Learning, Monetary Policy Rules, and Macroeconomic Stability
42 Pages Posted: 16 Aug 2005
Date Written: April 2005
This paper estimates a DSGE model with learning to reexamine the evidence on time variation in post-war U.S. monetary policy. Several papers document a regime switch, by showing that policy changed from 'passive' and destabilizing in the pre-1979 period to 'active' and stabilizing in the following decades. These papers typically work with DSGE models with rational expectations.
This paper relaxes the assumption of rational expectations and it allows for learning instead. Economic agents form expectations from simple models and update the parameters through constant-gain learning.
I estimate the model by Bayesian methods. The constant gain coefficient is jointly estimated with the structural and policy parameters of the system.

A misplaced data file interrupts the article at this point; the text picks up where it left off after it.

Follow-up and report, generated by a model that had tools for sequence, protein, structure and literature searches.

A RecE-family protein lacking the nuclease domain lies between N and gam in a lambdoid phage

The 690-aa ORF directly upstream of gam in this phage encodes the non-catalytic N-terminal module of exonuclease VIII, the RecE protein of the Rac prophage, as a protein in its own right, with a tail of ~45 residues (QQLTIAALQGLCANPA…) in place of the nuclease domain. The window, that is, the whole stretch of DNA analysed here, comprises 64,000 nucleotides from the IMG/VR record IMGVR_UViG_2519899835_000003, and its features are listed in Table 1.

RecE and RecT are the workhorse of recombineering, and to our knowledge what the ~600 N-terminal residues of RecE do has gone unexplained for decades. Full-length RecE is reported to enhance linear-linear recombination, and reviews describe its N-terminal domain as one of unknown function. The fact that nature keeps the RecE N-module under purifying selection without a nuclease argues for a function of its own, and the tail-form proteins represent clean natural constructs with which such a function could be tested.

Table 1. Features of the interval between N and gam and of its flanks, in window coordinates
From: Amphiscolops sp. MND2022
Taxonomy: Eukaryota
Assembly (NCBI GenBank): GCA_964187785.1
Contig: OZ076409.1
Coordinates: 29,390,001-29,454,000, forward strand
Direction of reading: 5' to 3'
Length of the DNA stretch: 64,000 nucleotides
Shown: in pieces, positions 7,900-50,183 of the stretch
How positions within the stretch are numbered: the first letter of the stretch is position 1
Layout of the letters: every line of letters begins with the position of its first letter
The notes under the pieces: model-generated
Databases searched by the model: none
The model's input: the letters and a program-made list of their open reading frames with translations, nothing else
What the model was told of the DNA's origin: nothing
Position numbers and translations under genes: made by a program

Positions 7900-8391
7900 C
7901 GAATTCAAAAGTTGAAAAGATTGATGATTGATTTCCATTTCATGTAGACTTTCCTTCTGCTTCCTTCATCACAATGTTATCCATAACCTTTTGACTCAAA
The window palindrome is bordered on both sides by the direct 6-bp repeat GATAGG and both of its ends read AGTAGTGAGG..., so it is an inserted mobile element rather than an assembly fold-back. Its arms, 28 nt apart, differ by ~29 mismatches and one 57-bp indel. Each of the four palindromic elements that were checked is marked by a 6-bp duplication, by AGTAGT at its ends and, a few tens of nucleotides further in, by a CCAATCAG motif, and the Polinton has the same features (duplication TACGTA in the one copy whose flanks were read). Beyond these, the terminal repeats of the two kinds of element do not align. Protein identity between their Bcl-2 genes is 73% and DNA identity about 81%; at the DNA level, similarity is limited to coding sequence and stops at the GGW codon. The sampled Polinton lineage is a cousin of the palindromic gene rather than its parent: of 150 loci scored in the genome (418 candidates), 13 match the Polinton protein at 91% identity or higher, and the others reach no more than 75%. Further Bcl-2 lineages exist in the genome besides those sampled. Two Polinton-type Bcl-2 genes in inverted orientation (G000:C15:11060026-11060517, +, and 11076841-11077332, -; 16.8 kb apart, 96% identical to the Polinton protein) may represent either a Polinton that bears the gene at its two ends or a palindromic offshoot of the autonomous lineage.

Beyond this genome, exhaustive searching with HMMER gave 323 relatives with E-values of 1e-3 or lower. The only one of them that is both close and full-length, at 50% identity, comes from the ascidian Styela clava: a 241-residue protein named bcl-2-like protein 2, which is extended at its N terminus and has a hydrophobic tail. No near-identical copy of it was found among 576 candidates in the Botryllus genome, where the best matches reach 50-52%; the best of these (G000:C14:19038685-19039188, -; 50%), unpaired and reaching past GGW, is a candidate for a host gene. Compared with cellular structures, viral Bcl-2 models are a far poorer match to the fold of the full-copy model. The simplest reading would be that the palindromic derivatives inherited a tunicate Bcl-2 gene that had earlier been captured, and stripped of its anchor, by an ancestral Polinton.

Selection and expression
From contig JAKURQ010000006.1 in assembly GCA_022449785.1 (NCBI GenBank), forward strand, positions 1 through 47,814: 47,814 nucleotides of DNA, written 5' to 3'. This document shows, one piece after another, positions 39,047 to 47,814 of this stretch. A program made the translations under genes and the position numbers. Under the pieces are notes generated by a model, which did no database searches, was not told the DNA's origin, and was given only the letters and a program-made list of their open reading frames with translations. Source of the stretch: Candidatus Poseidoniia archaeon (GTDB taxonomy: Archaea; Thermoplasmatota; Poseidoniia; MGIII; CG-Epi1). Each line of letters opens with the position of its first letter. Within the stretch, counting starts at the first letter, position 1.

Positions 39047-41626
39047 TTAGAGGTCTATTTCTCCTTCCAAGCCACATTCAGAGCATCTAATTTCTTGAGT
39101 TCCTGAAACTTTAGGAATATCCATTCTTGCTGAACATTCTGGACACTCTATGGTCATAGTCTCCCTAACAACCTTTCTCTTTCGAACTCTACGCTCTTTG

I find that the feedback coefficient to inflation was well above 1 also in the 1960s and 1970s and therefore policy was not leading to macroeconomic instability. The results reconcile the evidence from DSGE models with what obtained by time-varying VAR studies, which typically find only modest changes in policy coefficients over the post-war sample.
Keywords: monetary policy, new Keynesian DSGE model, constant-gain learning, expectations, Bayesian estimation, macroeconomic instability
JEL Classification: C11, D84, E30, E50, E52, E58
Suggested Citation: Suggested Citation